Popcorn is a curious food because it is not really food. Popcorn is pure carbs, and for that reason people love it. If you ever need quick, easy energy, or something to get your jaw moving while you focus on something else (usually a movie at a theater), then popcorn does just fine. So, how long does it last?
Popcorn does expire, but it can last a very, very long time, as far as foods go. Popcorn holds in moisture for between eight to twelve months. Does this mean it only lasts for eight to twelve months? Not exactly. In fact, it technically “lasts” longer than that, though not in a way that will make it taste good.
So, Does It Go Bad Or Not?
You see, popcorn is (as you may have heard) made of corn. Corn is starchy, and starch crystalizes when it is dry. When popcorn goes bad it is because they go stiff and stale, like how a cracker goes bad. This is because of their starchy corn molecules, which crystalize after a certain amount of time.
Most people do not actually know what it means for something to crystalize. How it works is that molecules exist in certain shapes. The shapes the molecules of a popcorn kernel, for instance, determine how soft it is, as well as how much heat can pass through it and how quickly, as well as other things.
Crystallization occurs when the molecules of the popcorn runs out of gluten, where the starch molecules get their water. Essentially, starch needs water, gluten provides water, but it can only provide so much before drying up. This process of “drying up” can take a long, long time, however.
It usually starts at around the eight month mark. After that, any eight month or older popcorn you pop will be dryer and dryer once it is popped. At around a year, the popcorn will be about as dry as it can get. This dryness will not make the popcorn inedible, nor will it make the popcorn unsafe. It just will have no taste.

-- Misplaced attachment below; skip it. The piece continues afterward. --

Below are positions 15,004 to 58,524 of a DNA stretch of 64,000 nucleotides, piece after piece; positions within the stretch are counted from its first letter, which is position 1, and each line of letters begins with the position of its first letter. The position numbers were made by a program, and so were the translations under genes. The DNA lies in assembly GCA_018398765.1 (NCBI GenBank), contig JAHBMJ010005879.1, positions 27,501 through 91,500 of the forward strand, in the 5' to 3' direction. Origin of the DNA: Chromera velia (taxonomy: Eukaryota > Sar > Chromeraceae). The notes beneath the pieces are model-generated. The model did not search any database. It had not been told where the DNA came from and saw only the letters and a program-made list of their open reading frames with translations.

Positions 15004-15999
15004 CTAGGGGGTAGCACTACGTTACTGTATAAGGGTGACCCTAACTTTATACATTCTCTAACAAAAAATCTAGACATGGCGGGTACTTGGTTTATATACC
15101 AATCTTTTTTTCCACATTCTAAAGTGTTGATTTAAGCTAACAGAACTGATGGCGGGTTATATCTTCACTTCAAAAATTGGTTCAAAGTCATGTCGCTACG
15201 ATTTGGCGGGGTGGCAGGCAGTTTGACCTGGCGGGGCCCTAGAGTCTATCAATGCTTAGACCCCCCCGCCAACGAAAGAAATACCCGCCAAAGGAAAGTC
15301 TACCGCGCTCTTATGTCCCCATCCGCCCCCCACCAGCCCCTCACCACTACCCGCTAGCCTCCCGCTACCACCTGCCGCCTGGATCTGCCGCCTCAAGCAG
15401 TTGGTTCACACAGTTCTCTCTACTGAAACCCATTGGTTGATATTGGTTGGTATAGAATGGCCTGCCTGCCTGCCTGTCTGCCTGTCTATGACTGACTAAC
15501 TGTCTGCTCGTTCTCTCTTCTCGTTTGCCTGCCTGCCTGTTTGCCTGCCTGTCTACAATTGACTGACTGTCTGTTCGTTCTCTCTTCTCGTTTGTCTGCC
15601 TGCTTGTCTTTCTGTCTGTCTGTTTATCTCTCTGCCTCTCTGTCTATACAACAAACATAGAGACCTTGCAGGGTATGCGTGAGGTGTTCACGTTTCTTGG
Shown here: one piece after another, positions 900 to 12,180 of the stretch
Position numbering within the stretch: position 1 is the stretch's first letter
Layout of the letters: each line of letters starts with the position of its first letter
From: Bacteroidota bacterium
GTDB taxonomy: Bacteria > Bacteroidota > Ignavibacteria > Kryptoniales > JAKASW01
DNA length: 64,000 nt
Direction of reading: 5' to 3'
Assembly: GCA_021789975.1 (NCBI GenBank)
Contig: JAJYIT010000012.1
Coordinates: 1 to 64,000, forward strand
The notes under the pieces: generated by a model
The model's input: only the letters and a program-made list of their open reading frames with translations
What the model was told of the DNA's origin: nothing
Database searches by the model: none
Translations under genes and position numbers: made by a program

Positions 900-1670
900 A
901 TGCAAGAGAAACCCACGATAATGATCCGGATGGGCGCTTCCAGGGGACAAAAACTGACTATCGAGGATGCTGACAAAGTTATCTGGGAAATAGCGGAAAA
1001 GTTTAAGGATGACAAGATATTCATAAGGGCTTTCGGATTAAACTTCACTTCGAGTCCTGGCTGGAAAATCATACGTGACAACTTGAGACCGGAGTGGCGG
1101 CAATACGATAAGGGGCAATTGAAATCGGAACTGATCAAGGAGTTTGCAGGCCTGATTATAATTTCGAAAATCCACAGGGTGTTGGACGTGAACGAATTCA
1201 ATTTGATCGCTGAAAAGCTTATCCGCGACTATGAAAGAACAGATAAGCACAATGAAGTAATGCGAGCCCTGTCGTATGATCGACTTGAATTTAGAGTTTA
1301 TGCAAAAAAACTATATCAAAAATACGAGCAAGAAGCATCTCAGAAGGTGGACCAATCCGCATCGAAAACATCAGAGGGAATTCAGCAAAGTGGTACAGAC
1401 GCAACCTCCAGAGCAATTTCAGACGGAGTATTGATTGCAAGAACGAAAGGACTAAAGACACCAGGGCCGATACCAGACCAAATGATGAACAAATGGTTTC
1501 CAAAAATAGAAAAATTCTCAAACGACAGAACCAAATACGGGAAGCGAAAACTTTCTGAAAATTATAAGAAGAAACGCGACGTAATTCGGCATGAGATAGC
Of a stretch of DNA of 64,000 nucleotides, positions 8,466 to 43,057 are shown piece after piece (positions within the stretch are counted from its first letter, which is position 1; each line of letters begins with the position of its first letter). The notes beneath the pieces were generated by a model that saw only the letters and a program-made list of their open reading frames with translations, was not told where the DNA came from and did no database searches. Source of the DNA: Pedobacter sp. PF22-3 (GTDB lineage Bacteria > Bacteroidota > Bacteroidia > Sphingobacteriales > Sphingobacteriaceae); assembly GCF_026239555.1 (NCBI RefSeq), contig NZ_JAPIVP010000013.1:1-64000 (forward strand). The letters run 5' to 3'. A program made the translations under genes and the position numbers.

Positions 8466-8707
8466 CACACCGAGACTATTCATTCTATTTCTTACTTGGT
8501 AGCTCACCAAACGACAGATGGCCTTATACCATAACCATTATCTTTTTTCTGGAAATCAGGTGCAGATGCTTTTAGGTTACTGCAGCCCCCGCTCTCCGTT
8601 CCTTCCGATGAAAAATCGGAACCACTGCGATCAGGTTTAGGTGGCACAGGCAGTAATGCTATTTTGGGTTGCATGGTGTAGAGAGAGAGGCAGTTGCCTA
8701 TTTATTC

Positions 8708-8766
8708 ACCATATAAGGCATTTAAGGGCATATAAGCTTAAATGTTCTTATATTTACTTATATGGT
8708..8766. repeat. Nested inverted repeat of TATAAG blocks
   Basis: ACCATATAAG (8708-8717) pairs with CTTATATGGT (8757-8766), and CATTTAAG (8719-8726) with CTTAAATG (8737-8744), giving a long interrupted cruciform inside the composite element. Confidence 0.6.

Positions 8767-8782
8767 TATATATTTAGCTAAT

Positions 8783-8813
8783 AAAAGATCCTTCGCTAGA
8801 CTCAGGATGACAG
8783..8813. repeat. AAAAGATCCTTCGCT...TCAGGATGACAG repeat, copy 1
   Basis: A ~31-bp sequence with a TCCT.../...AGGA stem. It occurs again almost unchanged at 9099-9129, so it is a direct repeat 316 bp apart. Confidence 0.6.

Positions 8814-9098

How To Keep It From Actually Going Bad
As you might have noticed, something being dry and tasting bad does not exactly make it inedible. If you have low standards, not a lot of time, or a college student’s budget, then you might not care if it tastes good. Well, lucky for you, bagged popcorn practically never goes bad. This might be hard to believe, but it is true.
You have likely heard of high fructose corn syrup, but perhaps you do not know what it is. High fructose corn syrup is a preservative and a sweetener. It is derived from corn, obviously, and without much modification it has completely revolutionized the food science industry.
In the past there have been sweeteners like sucrose, which is derived from sugarcane. There have been preservatives, like gluten, which is derived mostly from wheat (although it can come from many places). But few chemicals can serve as both sweetener and preservative.
High fructose corn syrup exists at this intersection, which makes it one of the most important chemicals of the 20 and 21st centuries. Americans love sweet things, and we love being able to go to the store and pick out foods with far-flung expiration dates. Corn syrup provides both of these things while itself being easy to make.
This is due to its heritage with genetically modified corn. Corn as it exists today is completely unrecognizable from corn as it existed when native Americans were first planting it in prehistoric times. Corn stalks used to resemble peas in a pod, with no more than a dozen kernels of corn for every stalk of the vegetable.
Drive down any road in Kansas or Iowa and you will see how much this has changed. Corn has been adapted to a human environment, and humans have adapted to a corn-rich environment. Miles upon miles of it is grown, with hundreds of kernels on every stalk, all of it lasting far longer than it would in a state of nature.
This is why popcorn never really expires, even after its flavor has long disappeared. As long as it is kept in an airtight container, most bags of popcorn will likely outlive every human that currently exists.
How Long Does Popped Popcorn Last?
Popped popcorn lasts two to four weeks if kept in an airtight container. There is no need to overthink the storage of popped popcorn though; it does not require a refrigerator to cool it, or a freezer to freeze it. Just keep it in a ziplocked bag and it should last for quite a while.
Unlike popcorn kernels, popped popcorn can actually go bad. This will happen very slowly, but eventually it will grow moldy like an old cracker. Rest assured though, you will know when it happens.